Stem Rust (fungus – Puccinia graminis f. sp. tritici): Stem rust is recognized by the elongated, ragged pustules it produces on stem, leaf, sheath, blade, chaff, beard and occasionally on young kernels. Fragments of epidermis adhere to the sides and ends of the pustules, giving a ragged appearance. The brick-red color and large elongated pustules distinguish it from leaf rust which has small round pustules and orange-red spores. Stem rust is far more devastating than leaf fust on susceptible varieties. Soft wheat varieties are generally more susceptible than hard red winter wheat varieties. Barley, rye, wild barley, and goatgrass are also susceptible.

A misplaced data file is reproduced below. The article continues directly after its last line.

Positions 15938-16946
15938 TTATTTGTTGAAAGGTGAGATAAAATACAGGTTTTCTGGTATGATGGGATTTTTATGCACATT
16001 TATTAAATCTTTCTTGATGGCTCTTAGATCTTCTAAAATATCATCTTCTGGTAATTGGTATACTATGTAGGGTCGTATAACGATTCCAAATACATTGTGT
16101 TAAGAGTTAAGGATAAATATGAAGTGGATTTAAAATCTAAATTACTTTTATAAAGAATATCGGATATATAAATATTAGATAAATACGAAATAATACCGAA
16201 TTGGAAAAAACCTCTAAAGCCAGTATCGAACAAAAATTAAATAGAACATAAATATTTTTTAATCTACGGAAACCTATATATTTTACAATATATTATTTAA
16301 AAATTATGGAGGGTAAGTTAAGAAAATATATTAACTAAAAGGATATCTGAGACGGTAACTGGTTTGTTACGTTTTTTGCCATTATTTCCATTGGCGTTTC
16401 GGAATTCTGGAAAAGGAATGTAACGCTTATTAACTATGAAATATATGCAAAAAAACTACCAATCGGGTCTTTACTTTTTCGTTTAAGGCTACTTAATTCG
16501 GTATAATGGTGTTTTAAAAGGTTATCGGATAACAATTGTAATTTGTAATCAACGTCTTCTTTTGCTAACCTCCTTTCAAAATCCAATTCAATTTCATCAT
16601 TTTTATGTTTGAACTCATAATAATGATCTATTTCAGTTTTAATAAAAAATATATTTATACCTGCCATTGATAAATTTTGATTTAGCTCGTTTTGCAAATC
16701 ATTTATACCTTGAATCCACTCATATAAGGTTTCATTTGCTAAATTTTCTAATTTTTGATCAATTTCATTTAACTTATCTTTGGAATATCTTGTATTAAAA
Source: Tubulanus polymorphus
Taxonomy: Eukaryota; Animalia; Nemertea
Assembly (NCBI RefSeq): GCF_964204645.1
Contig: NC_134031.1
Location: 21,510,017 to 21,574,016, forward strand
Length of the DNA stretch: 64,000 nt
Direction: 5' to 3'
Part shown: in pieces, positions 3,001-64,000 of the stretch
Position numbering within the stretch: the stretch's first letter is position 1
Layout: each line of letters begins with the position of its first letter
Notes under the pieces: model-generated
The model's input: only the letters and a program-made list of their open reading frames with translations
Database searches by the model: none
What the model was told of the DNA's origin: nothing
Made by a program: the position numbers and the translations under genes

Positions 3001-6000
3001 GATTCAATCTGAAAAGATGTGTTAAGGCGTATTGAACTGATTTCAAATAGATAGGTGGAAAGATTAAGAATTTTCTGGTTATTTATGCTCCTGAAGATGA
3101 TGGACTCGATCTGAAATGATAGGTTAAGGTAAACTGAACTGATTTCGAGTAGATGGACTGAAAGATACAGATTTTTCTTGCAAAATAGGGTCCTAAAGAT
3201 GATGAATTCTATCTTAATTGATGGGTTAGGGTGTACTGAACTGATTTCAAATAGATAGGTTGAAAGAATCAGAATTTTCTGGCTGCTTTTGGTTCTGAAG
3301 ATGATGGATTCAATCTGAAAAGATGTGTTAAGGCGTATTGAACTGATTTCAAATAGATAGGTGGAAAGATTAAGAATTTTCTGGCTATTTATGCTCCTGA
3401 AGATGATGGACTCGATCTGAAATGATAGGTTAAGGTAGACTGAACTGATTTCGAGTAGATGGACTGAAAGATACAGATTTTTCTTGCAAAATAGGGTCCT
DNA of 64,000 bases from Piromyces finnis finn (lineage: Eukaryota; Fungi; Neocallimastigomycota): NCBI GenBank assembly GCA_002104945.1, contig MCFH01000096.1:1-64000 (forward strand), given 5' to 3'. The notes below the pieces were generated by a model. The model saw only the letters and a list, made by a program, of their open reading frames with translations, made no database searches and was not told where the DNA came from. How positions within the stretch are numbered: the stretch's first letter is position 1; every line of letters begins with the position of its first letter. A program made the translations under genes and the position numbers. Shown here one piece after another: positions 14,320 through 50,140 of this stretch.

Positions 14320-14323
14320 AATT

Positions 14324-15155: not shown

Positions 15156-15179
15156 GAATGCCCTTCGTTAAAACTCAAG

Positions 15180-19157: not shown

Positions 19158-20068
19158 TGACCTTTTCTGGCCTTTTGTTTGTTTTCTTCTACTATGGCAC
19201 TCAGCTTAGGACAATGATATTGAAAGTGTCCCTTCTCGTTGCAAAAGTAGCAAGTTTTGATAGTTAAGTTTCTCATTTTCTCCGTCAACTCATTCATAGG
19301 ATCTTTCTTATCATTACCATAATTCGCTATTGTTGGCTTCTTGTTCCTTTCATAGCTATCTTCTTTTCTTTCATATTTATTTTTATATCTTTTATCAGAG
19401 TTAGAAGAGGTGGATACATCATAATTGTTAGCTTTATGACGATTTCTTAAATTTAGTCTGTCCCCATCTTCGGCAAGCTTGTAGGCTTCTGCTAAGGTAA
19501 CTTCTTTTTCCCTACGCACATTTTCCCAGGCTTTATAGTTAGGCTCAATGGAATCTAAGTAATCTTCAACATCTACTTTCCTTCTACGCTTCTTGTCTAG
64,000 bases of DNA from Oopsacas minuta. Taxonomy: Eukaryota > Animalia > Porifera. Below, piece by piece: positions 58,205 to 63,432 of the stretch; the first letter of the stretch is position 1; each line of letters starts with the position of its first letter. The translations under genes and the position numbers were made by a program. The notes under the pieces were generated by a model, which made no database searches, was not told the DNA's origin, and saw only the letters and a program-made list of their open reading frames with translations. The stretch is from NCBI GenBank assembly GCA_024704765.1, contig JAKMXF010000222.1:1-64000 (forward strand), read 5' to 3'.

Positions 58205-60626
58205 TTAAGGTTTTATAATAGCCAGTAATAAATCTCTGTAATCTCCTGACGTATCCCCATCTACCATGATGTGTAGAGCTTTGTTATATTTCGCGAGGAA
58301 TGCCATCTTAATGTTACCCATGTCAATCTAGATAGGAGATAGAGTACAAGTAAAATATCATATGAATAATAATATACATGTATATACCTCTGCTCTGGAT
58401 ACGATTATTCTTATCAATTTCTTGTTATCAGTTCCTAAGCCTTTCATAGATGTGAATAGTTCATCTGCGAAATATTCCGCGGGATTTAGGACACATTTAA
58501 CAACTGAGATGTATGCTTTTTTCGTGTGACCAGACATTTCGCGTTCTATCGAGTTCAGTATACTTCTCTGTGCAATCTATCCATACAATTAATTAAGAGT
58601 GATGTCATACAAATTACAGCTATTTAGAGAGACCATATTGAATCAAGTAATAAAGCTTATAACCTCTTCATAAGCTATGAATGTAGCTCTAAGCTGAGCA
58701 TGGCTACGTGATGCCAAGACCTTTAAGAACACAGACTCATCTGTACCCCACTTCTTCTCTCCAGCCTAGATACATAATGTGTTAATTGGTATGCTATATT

Barley Yellow Dwarf Virus: New growth of wheat plants infected in the seedling stage is chlorotic or yellowish in color. The entire plant will be severely dwarfed, tiller sparsely and produce few heads with little or no seed. Plants that become infected after the tillering stage are not dwarfed. The yellow dwarf virus can be carried from plant to plant by several species of grain aphids that overwinter on perennial grasses. No effective control measures are known other than utilizing tolerant varieties.